Preference for consonant music over dissonant music by an infant chimpanzee

Tasuku Sugimoto, Hiromi Kobayashi, Noritomo Nobuyoshi, Yasushi Kiriyama, Hideko Takeshita, Tomoyasu Nakamura, Kazuhide Hashiya

Research output: Contribution to journalArticlepeer-review

65 Citations (Scopus)


It has been shown that humans prefer consonant sounds from the early stages of development. From a comparative psychological perspective, although previous studies have shown that birds and monkeys can discriminate between consonant and dissonant sounds, it remains unclear whether nonhumans have a spontaneous preference for consonant music over dissonant music as humans do. We report here that a five-month-old human-raised chimpanzee (Pan troglodytes) preferred consonant music. The infant chimpanzee consistently preferred to produce, with the aid of our computerized setup, consonant versions of music for a longer duration than dissonant versions. This result suggests that the preference for consonance is not unique to humans. Further, it supports the hypothesis that one major basis of musical appreciation has some evolutionary origins.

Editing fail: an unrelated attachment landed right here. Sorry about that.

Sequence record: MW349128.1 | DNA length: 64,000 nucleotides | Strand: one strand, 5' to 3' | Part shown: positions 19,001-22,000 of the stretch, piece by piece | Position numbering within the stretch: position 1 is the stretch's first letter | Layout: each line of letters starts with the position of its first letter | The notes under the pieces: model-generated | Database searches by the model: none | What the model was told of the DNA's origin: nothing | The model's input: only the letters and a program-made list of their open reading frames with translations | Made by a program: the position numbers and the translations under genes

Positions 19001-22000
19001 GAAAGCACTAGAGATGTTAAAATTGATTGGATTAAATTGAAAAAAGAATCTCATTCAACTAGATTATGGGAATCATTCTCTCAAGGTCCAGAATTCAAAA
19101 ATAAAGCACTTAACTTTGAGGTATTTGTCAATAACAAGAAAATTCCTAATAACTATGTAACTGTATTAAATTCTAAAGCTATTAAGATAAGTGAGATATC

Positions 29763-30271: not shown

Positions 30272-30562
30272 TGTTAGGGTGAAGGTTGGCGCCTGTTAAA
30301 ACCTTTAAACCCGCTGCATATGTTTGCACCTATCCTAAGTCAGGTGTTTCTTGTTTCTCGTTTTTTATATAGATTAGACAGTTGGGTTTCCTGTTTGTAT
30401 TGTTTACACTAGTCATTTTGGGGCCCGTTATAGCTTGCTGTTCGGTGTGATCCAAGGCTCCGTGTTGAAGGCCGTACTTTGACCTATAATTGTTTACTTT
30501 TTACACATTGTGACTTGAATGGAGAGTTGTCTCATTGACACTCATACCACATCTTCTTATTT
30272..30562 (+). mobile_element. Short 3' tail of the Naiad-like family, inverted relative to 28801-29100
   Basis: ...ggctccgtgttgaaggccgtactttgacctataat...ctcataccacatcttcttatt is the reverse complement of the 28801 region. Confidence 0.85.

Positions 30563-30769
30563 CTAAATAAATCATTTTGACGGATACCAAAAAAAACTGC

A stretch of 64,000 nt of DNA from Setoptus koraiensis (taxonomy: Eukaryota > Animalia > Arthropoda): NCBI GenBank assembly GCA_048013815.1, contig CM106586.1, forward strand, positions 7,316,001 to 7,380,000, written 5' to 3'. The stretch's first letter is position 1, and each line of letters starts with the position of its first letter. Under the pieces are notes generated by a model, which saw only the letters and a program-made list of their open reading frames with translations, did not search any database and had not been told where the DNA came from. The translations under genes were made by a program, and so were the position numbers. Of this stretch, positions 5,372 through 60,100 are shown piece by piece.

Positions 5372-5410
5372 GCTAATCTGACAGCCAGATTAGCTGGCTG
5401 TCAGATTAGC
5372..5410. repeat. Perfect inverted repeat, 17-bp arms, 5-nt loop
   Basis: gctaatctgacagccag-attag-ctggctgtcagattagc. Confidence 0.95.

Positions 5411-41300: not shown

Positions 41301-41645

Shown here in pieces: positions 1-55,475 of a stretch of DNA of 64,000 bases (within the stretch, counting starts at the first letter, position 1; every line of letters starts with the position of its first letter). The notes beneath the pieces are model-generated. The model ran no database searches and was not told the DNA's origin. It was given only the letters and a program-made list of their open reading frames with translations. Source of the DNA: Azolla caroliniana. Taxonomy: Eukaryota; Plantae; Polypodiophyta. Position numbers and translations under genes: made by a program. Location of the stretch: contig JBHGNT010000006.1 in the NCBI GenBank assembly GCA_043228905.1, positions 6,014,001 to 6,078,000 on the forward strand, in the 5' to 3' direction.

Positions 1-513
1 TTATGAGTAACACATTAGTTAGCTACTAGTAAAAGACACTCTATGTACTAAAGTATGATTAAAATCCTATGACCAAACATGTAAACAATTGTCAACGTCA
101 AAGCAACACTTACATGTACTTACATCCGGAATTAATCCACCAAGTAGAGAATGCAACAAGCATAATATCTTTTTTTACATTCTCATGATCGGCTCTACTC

Original languageEnglish
Pages (from-to)7-12
Number of pages6
Issue number1
Publication statusPublished - 2010

All Science Journal Classification (ASJC) codes

  • Animal Science and Zoology


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